Miracles abound

I recently picked up the latest Reader’s Digest, and in it was an Einstein quote I had never seen before:

“There are only two ways to live your life. One is as though nothing is a miracle. The other is as though everything is a miracle.”

This is a fantastic framing of the half-full bucket or optimistic vision coming from one of the greatest minds in history. These are indeed tough times for many, and when life becomes difficult, it can be commensurately difficult to see a silver lining.

There will always be challenges and misfortunes in life, but are your eyes open only to the negative or banal–or are you able to see how amazing and wonderful and miraculous the universe is? How you live your life is your choice, so accordingly decide which life for you is most fulfilling and set your mind on that vision.


Here’s a great quote from John Wooden, the best coach ever:

“Success is the peace of mind, which is the direct result of self-satisfaction in knowing you made the effort to do your best to become the best that you are capable of becoming.”

Success is more growth than it is actual attainment or achievement. Do you have this kind of peace of mind? Are you striving for your absolute best?

Elusive Life Balance

The present transitions in my life have inspired me to reveal what my internal motivational coach is prodding in a self-talk of sorts. Honestly, I am struggling. I feel like my life is out of balance, and I am not focused on moving beyond where I do not want to be and moving forward in the direction that I chose to go. And this is more related to my life at home than it is with my job, but career consists of all of the facets of one’s life and is not limited to paid occupations.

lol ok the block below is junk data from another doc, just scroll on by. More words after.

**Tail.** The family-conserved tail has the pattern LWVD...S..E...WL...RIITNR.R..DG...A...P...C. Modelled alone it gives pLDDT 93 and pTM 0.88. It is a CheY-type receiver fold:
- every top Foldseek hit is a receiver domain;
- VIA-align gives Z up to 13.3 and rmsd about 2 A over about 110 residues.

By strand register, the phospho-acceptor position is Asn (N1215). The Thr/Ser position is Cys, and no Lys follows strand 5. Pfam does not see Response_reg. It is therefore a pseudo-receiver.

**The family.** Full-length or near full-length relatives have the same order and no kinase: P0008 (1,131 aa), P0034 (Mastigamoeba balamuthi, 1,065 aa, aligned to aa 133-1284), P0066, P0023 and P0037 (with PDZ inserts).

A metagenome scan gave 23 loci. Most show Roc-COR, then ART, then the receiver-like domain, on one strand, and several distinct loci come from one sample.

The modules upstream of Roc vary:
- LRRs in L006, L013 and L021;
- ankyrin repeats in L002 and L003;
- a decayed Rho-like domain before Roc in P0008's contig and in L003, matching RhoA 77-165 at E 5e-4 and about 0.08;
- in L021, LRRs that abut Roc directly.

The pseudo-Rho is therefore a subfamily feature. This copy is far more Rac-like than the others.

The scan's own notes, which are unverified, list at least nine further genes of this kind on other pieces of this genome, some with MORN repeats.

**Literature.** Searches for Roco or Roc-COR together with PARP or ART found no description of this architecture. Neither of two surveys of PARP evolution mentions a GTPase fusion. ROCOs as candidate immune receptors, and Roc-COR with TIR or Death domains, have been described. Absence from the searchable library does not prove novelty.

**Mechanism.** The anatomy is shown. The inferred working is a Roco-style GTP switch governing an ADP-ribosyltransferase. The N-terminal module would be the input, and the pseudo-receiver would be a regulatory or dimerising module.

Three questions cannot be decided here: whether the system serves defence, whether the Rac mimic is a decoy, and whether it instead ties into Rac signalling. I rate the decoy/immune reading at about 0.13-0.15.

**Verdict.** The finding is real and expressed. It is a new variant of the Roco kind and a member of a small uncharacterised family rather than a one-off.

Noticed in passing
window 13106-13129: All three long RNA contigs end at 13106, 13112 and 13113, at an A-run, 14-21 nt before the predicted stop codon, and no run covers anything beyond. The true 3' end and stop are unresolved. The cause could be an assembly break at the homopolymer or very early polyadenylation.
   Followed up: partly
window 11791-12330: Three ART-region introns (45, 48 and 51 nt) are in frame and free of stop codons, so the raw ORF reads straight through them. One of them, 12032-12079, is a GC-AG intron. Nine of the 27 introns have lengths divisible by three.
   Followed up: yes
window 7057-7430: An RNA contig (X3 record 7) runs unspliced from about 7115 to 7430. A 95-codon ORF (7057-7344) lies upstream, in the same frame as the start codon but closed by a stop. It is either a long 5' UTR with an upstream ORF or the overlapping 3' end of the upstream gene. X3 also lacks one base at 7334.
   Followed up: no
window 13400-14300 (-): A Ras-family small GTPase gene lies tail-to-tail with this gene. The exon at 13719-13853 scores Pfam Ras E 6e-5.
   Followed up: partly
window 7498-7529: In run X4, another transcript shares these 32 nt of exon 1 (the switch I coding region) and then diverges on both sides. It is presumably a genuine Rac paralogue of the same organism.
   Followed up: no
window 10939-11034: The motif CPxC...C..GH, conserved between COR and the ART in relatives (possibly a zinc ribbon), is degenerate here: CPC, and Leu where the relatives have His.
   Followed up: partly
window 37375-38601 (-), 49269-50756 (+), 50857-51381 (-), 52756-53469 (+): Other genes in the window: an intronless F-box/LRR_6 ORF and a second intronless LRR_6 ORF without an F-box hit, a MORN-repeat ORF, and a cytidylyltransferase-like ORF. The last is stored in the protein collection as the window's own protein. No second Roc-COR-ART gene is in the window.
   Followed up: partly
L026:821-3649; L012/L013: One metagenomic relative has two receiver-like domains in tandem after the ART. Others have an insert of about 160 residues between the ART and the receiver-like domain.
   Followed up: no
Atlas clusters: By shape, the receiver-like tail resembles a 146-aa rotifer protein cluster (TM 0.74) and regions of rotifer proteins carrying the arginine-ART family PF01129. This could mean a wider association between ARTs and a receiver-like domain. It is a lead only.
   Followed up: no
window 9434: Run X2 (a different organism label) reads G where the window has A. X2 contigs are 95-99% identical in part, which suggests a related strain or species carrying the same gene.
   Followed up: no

For one, I have found myself too busy to be the loyal blogger that I set out to be, and yet I know I have the kind of ideas that potentially can inspire others daily. Why have I not found the time to dedicate myself to this enjoyment? Whenever my life becomes more of what I feel I have to do and less of what I want to do, I try to reassess what I am doing and regain the balance that I have somehow relinquished.

What gives you energy? What drives you? How much of your waking hours are you doing such things? Ideally, whether your quest is for any combination of fulfillment, enjoyment, actualization, meaning, productivity, or leaving behind a legacy, the goal is to have this vitality in the largest proportion possible. This vitality for you might be only one thing, or a fine mix of many things. For some, it is recreational fun, for others it is excelling in a gift or talent, or perhaps it is the satisfaction of making a difference.